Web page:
The Polish authorities used to operate a clear exchange rate policy based on a crawling peg. The zloty lost almost 10% of its value in the currency fluctuations induced by the Russian crisis. Poland subsequently switched to a free float, an exchange rate strategy consistent with inflation targeting. The 2002 report notes that the central bank has maintained its policy of combining a floating exchange rate with direct inflation targeting. This combination is regarded as meeting the needs of the Polish economy at this late stage of transition in the run-up to EMU. The 2003 Report notes that the effective depreciation of the zloty observed since mid-2001 has helped to make Polish exports more competitive.
Poland's current account deficit amounted to 3.2% of GDP in 1997, rising to 4.3% in 1998 and 7.5% in 1999. This very substantial increase was the most urgent economic policy problem of the time. In 2000 the deficit shrank to the more comfortable level of 6.3%, and it is estimated at 4% for 2001. Over the whole of the period covered by the reports, there has been an ongoing deficit on current account of at least 4% of GDP, which has been increasingly financed by foreign direct investment (FDI). The 2003 Report notes that the current-account deficit shrank again last year to 3.6% of GDP.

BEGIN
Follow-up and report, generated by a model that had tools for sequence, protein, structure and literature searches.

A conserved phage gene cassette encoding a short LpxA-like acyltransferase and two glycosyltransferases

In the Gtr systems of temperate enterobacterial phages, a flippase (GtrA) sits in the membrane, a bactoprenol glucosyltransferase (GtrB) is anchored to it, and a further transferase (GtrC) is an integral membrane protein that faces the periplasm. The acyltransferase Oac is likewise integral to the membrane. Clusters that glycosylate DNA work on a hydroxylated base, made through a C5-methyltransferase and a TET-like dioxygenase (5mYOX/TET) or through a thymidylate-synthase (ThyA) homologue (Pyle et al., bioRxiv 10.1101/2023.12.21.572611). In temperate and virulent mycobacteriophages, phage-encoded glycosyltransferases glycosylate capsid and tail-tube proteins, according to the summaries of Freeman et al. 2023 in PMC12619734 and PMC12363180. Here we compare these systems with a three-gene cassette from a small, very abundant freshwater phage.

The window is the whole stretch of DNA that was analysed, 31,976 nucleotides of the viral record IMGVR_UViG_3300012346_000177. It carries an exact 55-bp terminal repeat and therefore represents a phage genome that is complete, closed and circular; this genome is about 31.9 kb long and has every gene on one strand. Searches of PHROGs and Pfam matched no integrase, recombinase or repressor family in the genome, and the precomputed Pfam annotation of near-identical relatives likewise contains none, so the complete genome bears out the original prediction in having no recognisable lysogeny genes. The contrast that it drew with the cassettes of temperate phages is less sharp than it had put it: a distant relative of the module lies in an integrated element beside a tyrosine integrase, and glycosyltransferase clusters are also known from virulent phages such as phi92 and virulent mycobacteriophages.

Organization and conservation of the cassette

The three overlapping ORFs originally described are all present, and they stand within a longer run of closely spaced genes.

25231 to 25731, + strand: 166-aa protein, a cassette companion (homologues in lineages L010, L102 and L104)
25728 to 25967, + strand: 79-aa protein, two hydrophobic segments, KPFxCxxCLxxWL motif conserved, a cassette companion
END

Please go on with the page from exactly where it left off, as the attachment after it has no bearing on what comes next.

With regard to structural reforms, in July 1998 the Polish Government adopted a privatisation programme scheduled for completion by end-2001. It also mapped out reforms on regional organisation, pensions and the steel industry. Restructuring in the coal and steel industries had major social repercussions, as did farming reforms. Agriculture declined as a proportion of total production from 13% in 1989 to 6% in 1997. Although most prices are no longer set by the authorities, distortion remains on some markets. Reforms have continued in the financial sector, which is attracting increasing interest from foreign investors. The 1999 report noted that substantial progress had been made in privatising the banking industry. The Government also planned a reform of the tax system. The Commission noted in its 2000 report that the country had continued to improve its functioning as an open market economy through prudent macroeconomic policies and implementation of various types of structural reform. Prices have largely been liberalised. Overall, progress was made in 2001 on privatisation and structural reform. The 2002 report indicates that Poland has completed transitional reforms in the areas of trade and price liberalisation, that implementation of the privatisation programme is at an advanced stage and that good progress has been made on structural reforms. Progress has also been made on major reforms concerning pensions (with the introduction of a three-pillar system), healthcare, education and regional organisation. Various privatised sectors have been successfully restructured. However, the programme of reforms has yet to be completed. The 2003 Report indicates that the reform process has made virtually no progress since last year's report. Privatisation has slowed down considerably in the last two years.